Kate Chopin's The Story Of An Hour
- Length: 1629 words (4.7 double-spaced pages)
- Rating: Excellent
Question #1 Compare and contrast women's roles and marriage in "The Story of an Hour" and "The Yellow Wallpaper."
Mrs. Mallard had heart trouble and is very sick. After the news of her husbands death she locked herself in her room and all she could think was she was finally free. She knew she would weep again when she saw her husband with his hands folded in death, but all she could think as she sat in the room all alone was of the many years she would have ahead of her to only live for herself: "But she saw beyond that bitter moment a long procession of years to come that would belong to her absolutely" (Danticat 138). Mrs. Mallard finally gave into her sister's begging her to open the door and come out. As they were walking down the stairs someone was opening the door. All this time Mrs. Mallard was thinking she was going to be free and when she saw her husband walk through the door she died: "When the doctor's came they said she had died of heart disease- of joy that kills"(Danticat 139).
The narrator of the "Yellow Wallpaper" is sick. Her husband is a physician and he keeps telling her that she's not sick. The narrator is kept in this room with this really ugly yellow wallpaper. She hates being left in there. The narrator lays awake at night and swears she sees things moving around in that wallpaper. The more she is stuck there the more she is intrigued. She starts to sleep most of the day and stay up at night to try and figure out what is in those walls. The narrator has to hide her writing from everyone of they will make a big fuss about it: "I verily believe she thinks it is the writing which made
me sick"(Gilman 185)! The story really shows that the narrators husband doesn't believe she is sick: "Bless her little heart," said he with a big hug, "she shall be as sick as she pleases" (Gilman 188)! As the story progresses the narrator starts to tear off the wallpaper to let the woman that is behind it out. She got rope and was going to capture her when she did come out.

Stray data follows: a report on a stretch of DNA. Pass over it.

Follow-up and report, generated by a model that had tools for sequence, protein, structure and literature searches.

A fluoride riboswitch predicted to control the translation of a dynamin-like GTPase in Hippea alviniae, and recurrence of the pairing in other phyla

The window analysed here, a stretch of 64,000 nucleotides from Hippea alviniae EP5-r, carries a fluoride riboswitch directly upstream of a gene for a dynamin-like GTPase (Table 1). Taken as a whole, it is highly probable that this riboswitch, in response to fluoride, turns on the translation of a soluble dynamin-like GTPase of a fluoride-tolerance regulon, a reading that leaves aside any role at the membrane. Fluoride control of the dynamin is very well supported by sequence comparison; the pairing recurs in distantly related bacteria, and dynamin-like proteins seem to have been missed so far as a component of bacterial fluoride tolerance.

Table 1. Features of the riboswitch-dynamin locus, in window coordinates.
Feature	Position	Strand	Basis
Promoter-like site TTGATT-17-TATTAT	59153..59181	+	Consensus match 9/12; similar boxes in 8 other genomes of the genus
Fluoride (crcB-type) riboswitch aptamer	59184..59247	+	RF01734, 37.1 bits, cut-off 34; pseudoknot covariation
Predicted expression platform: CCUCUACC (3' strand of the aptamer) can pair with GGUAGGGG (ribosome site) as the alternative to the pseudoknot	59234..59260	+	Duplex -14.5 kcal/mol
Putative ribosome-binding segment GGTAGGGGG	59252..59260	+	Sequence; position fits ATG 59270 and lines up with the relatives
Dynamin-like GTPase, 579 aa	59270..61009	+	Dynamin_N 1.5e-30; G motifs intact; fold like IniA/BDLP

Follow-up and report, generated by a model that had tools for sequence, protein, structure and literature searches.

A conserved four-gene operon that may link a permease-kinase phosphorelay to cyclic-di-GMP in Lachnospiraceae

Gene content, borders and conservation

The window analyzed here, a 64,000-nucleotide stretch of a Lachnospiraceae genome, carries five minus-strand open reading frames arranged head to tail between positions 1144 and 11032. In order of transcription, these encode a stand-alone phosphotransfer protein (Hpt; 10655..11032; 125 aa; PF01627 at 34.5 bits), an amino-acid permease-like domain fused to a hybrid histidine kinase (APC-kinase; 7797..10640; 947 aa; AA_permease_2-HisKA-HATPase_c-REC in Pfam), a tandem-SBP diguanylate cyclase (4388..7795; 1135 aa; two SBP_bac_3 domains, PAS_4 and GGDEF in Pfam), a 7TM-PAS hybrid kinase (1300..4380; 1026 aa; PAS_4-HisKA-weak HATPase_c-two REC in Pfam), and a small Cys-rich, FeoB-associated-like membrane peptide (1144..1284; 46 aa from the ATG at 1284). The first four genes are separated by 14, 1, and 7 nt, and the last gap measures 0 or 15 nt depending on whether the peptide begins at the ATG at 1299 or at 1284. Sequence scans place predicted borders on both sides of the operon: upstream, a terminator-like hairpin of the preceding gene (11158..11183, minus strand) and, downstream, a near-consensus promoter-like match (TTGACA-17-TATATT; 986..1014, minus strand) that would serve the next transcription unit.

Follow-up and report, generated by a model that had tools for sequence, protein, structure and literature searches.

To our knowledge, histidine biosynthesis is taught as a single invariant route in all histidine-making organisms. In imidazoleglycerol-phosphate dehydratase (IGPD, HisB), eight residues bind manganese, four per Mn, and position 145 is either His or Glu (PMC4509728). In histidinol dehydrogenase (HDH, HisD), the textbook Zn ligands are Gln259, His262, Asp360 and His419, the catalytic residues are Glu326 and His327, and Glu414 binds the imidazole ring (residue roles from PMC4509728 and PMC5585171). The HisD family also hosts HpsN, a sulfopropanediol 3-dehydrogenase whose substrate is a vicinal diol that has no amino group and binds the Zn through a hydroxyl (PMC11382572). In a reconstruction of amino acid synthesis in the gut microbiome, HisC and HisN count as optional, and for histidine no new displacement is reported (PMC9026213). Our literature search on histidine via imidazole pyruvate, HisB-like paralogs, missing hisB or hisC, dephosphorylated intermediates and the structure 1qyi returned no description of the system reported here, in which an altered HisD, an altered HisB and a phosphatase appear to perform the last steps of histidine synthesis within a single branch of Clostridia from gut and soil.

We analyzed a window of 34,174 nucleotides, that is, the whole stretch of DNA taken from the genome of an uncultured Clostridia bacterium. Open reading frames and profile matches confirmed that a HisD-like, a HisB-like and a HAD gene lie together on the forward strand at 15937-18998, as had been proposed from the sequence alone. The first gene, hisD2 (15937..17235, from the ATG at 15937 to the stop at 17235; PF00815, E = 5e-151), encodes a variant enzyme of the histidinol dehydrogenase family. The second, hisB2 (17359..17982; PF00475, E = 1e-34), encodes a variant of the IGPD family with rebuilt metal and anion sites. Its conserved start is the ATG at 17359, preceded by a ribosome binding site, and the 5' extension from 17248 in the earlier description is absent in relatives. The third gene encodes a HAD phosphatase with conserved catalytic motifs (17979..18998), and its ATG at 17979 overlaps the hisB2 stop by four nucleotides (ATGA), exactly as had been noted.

The narrator had locked the door to the room and threw the key out the window so no one could get in. You come to realize that it is the narrator that is behind that wallpaper: "I suppose I shall have to get back behind the pattern when it comes night, and that is hard" (Gilman 193). She feels she has finally escaped from her old life and she wont go back beneath the wallpaper: "I've got out at last," said I, "in spite of you and Jane. And I've pulled off most of the paper, so you can't put me back" (Gilman 193)!
Question #2 Two different stories in which irony plays a major role.
I think irony plays a major role in "The Story of an Hour" because Mrs. Mallard was afflicted with heart trouble and she comes to learn that her husband died. Mrs. Mallard's sister wasn't sure how the news of her husbands death would affect her. Mrs. Mallard didn't act as many women would: "She did not hear the story as many women have heard the same, with a paralyzed inability to accept it's significance" (Danticat 138). Mrs. Mallard went to her room alone. She didn't want anyone to follow. As Mrs. Mallard sat in the room by her self she was trying to push this feeling away, but it kept taking over her: "She was beginning to recognize this thing that was approaching to possess her, and she was striving to beat it back with her will - as powerless as her two white slender hands would have been" (Danticat 138). She was sad about her husbands death, but she was also happy about the many years she would have left for herself. After a few minutes of her sister's begging she finally opened the door. As Mrs. Mallard was walking downstairs someone was opening the door. Her husband came walking through the door and that was the end of her life: "When the doctor's came they said she had died of heart disease - of joy that kills" (Danticat 139).
I think irony is portrayed very will in the story "Gertrude Talks Back." The narrator is talking to her son, Hamlet. She didn't like calling him that, it was the name his father had picked out. The narrator knows her son doesn't like Claudius: "I know your father was handsomer than Claudius. But handsome isn't everything, especially in a man, and far be if from me to speak ill of the dead, but I think it's about time I pointed out to you that your dad just wasn't a whole lot of fun" (Atwood 33,34). The narrator goes on to tell her